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UPDATE: Men with Eating Disorders at High Risk of Osteoporosis

Reprinted from Eating Disorders Review
January/February 2008 Volume 19, Number 1
©2008 Gürze Books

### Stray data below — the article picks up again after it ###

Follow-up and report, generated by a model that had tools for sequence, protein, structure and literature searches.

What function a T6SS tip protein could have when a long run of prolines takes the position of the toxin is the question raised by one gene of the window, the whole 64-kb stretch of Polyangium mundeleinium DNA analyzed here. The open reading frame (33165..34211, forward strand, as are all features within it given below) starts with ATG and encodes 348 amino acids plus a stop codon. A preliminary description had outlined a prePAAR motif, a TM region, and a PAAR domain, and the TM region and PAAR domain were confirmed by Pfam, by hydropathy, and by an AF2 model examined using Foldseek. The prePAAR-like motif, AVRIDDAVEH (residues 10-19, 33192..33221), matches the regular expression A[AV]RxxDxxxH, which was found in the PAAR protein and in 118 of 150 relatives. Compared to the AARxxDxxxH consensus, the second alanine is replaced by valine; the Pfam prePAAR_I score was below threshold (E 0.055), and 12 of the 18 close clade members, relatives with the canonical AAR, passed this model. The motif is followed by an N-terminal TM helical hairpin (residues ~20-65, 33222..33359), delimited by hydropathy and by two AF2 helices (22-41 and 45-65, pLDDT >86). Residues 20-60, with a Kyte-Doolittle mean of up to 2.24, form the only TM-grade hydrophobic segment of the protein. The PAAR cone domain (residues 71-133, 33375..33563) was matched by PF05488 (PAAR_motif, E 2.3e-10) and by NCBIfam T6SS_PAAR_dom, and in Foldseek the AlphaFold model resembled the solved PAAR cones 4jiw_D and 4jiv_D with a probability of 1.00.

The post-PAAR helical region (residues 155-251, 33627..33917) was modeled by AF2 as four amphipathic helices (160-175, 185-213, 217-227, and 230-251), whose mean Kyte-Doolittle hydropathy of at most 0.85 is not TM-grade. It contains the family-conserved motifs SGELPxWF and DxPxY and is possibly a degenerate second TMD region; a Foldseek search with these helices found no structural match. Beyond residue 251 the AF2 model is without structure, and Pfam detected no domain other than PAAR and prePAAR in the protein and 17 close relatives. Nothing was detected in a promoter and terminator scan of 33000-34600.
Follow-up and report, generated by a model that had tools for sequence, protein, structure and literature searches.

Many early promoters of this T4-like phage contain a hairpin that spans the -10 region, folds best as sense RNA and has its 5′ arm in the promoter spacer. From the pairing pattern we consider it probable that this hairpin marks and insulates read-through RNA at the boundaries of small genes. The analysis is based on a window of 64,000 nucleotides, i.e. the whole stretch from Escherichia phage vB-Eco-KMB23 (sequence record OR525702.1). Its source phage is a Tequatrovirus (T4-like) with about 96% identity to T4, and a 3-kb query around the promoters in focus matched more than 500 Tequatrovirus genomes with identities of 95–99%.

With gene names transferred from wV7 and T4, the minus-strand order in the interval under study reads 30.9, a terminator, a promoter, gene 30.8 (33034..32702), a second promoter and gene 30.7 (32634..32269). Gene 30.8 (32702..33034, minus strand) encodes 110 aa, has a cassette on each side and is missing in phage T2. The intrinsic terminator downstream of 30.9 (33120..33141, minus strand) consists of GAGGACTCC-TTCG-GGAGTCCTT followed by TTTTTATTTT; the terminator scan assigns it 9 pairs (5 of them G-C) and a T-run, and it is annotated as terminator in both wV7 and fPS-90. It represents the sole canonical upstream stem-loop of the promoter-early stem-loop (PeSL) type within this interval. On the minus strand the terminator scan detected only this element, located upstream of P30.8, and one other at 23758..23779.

Osteoporosis has traditionally been considered a woman's medical problem, but males with anorexia nervosa, binge-purge subtype (ANB), may also have severe bone disease, according to researchers from the University of Iowa and Denver Health Medical Center. As Drs. Arnold Andersen and Phil Mehler reported at the annual meeting of the Eating Disorders Research Society in Pittsburgh last October, the risk of osteoporosis in males with eating disorders may actually be greater than for their female counterparts; this is particularly true for men with AN. The researchers reviewed the charts of 70 consecutive male admissions to an eating disorder program, and extracted data on diagnosis, weight history, comorbid disease, and bone mineral density, which was measured by dual-energy x-ray absorptiometry. Thirty-six percent (19 of 53) of the men had osteopenia, and 26% (14 of 53) had osteoporosis at the lumbar spine. A disproportionate number of men with ANB had osteoporosis. Other risk factors included older age, lower weights, and longer duration of disease. The bone densities of males with restricting-type AN or with ANB were significantly lower than for their female counterparts (P=0.03 and P=0.02, respectively). When the data were reviewed with multivariate stepwise linear regression, lower weight and duration of illness accounted for 49% of the variance at the lumbar spine in the men in the study.


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